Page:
The Houthi militia, with their rigid doctrines and claims of divine lineage, pose a stark threat to this multifaceted Yemeni identity. Their attempt to reframe Yemeni history through a narrow religious lens erases the contributions of pre-Islamic cultures, the diversity of regional traditions, and the vibrant artistic expressions that have flourished for centuries. The ibex, a symbol not of any specific religion but of the indomitable Yemeni spirit, becomes a potent counterpoint to this narrative.

This clash of symbols reflects a deeper struggle for the soul of Yemen. The Houthis, like colonial powers before them, attempt to rule through fear and manipulation, imposing their worldview on a diverse and proud people. But just as the ibex scales seemingly insurmountable cliffs, Yemenis are awakening to the need to reclaim their history and assert their rightful place in the world.

This awakening manifests in many ways. Yemeni scholars, artists, and activists are rediscovering and re-interpreting their pre-Islamic past. Ancient languages like Sabaic are being studied, historical sites are being restored, and forgotten customs are being revived. The ibex festival takes on new meaning in this context, becoming a rallying point for those who reject the imposed narratives and celebrate the true richness of Yemeni identity.

The struggle is not without its challenges. The Houthis control much of the media and education system, hindering the dissemination of alternative narratives. The war has displaced millions, disrupting cultural life and severing communities. Yet, the spirit of resistance thrives. Social media platforms, despite their own complexities, have become a crucial tool for sharing stories, poems, and artwork that celebrate the unfiltered Yemeni identity.

The ibex’s message resonates on various levels. Its agility reflects the need for a flexible and adaptable identity, one that can evolve while retaining its core values. Its independence symbolizes the rejection of any single ideology or ruling elite. And its connection to the land underscores the importance of protecting Yemen’s unique natural heritage.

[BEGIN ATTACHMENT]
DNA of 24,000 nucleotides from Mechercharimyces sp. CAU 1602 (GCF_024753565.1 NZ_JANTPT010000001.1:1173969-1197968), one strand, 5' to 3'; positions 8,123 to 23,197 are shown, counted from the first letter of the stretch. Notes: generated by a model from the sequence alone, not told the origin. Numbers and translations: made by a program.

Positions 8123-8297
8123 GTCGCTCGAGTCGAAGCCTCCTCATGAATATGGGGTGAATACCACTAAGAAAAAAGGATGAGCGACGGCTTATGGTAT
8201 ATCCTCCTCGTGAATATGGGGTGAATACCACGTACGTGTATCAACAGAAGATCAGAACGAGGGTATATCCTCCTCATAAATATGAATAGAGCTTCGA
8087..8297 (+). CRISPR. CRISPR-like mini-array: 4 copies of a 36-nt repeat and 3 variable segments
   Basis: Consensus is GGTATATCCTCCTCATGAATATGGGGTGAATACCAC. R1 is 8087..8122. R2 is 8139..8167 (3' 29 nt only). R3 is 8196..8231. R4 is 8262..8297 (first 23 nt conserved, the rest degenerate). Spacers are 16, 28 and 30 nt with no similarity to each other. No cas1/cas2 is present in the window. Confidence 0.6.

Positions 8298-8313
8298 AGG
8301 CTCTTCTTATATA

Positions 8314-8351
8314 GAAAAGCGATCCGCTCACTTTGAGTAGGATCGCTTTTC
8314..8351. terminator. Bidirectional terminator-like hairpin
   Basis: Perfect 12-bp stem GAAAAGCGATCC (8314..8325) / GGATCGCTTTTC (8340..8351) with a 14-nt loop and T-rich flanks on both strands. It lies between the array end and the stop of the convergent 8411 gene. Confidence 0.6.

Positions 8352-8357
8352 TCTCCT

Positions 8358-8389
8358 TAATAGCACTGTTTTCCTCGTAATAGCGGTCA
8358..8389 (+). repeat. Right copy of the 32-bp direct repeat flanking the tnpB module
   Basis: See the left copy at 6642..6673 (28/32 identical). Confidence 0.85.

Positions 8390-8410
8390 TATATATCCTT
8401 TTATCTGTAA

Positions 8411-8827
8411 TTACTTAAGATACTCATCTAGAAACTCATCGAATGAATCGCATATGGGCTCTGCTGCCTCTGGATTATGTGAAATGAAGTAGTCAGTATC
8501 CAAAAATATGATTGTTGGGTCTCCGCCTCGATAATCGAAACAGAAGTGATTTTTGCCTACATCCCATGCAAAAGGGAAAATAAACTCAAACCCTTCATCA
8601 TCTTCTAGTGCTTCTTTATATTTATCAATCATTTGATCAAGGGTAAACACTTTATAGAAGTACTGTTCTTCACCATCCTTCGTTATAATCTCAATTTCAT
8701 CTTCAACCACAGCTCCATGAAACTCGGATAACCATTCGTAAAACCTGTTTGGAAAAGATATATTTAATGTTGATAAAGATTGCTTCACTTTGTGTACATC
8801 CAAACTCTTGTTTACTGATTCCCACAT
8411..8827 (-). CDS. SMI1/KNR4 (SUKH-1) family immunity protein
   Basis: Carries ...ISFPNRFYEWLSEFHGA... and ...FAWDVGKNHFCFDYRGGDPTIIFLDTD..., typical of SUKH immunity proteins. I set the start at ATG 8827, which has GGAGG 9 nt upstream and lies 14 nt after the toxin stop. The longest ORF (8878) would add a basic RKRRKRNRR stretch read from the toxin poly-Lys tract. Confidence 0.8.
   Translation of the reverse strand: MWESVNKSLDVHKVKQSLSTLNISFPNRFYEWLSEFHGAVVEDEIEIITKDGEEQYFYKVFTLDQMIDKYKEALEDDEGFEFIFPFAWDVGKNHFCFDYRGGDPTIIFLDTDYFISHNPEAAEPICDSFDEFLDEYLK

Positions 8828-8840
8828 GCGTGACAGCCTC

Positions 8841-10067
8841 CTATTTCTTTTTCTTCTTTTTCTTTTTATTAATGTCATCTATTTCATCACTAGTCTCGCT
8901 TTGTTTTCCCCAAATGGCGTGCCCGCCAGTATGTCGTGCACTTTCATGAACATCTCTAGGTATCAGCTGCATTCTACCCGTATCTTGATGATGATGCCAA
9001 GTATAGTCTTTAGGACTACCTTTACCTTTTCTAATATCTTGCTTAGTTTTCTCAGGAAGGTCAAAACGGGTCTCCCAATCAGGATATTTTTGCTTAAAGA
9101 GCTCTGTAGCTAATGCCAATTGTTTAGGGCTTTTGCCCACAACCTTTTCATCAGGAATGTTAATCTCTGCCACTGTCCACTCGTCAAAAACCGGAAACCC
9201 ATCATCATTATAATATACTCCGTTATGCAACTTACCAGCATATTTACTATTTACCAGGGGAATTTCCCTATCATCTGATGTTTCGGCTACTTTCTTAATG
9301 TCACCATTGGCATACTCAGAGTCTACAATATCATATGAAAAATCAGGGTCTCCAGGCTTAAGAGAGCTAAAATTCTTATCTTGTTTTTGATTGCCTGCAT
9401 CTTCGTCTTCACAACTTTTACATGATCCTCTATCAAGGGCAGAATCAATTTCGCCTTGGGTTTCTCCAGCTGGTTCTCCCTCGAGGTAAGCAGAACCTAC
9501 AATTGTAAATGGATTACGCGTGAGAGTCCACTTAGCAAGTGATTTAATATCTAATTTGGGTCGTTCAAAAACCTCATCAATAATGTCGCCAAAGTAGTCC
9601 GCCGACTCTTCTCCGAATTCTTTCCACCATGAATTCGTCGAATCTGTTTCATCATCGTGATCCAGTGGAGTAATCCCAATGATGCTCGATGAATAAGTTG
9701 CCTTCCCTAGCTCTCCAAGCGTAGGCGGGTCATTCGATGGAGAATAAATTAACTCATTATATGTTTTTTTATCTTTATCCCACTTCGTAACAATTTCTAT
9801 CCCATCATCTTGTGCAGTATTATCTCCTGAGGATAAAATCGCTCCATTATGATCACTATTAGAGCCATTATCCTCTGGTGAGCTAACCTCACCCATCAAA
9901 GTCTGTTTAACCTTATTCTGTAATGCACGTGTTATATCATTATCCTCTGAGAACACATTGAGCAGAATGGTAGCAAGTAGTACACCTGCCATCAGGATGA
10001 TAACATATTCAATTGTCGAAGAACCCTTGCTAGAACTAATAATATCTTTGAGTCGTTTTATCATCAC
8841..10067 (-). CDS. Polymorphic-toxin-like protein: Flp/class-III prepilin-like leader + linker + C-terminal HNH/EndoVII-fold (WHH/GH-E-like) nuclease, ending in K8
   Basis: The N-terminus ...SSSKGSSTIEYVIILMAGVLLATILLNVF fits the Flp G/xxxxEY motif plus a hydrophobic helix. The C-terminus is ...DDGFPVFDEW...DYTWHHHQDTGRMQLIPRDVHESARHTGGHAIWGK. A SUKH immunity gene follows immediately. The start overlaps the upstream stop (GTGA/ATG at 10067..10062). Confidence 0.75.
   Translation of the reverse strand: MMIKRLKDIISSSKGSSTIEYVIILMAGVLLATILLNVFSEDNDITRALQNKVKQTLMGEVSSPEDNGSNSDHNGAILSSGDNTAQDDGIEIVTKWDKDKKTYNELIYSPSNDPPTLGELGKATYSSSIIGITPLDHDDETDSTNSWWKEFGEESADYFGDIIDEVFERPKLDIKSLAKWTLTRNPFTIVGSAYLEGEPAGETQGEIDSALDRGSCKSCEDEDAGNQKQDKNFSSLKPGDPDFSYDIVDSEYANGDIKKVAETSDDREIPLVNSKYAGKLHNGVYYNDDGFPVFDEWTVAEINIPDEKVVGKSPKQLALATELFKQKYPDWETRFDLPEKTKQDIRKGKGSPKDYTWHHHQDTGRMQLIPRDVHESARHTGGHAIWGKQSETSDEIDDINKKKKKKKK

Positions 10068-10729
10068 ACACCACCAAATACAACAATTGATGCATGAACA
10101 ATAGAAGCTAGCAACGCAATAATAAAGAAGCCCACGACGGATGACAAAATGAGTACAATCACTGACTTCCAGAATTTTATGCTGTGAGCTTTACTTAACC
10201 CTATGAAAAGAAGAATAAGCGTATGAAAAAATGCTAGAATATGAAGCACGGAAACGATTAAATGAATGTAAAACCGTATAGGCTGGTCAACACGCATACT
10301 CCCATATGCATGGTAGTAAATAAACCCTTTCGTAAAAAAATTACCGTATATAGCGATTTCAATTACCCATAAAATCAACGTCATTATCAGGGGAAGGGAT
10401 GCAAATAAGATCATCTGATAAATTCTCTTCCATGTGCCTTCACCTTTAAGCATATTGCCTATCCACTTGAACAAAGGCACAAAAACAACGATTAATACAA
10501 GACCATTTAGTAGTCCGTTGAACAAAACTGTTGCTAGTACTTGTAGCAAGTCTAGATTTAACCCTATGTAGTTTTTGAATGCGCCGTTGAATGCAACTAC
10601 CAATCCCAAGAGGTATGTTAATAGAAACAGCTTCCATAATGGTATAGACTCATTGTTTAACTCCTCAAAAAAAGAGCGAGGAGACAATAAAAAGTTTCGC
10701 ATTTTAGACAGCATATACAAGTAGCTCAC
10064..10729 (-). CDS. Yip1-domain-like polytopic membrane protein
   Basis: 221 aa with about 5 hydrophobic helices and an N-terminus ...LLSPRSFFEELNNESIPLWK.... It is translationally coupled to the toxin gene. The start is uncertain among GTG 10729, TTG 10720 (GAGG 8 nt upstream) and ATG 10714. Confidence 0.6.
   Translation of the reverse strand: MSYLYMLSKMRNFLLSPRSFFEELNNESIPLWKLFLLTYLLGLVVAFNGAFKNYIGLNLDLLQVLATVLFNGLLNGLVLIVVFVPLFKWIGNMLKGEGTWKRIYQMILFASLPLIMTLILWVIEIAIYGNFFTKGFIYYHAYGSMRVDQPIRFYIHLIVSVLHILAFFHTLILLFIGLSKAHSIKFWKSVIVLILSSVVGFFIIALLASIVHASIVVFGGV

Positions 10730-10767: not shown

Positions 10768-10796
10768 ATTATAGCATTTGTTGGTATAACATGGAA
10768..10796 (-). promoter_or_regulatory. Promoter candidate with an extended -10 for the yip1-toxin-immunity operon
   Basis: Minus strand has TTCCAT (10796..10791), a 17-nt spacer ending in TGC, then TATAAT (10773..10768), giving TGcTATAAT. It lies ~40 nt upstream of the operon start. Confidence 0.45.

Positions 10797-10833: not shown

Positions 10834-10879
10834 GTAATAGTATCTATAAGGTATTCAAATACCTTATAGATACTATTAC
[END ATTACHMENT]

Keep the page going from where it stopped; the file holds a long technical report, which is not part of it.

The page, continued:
The road to reclaiming Yemeni identity is long and arduous. But as the ibex scales the seemingly impossible, so too can Yemenis overcome the obstacles they face. By celebrating their ancient symbol, they celebrate their strength, their resilience, and their unwavering spirit. The revival of the wa’l festival is not just a cultural event; it is a declaration of defiance, a reminder to the world that Yemeni identity cannot be easily erased or manipulated.

This struggle is not just about Yemen; it is a beacon of hope for all who resist the homogenization of cultures and the erasure of diverse identities. As Yemenis reclaim their heritage, they offer a powerful message to the world: a reminder that resilience can triumph over division, and that authentic cultural expression can be a potent weapon against forces that seek to control and manipulate. The ibex, the symbol of defiance etched in stone and celebrated in song, rises once more, leading the way towards a brighter future for Yemen and a world that celebrates the richness of human diversity.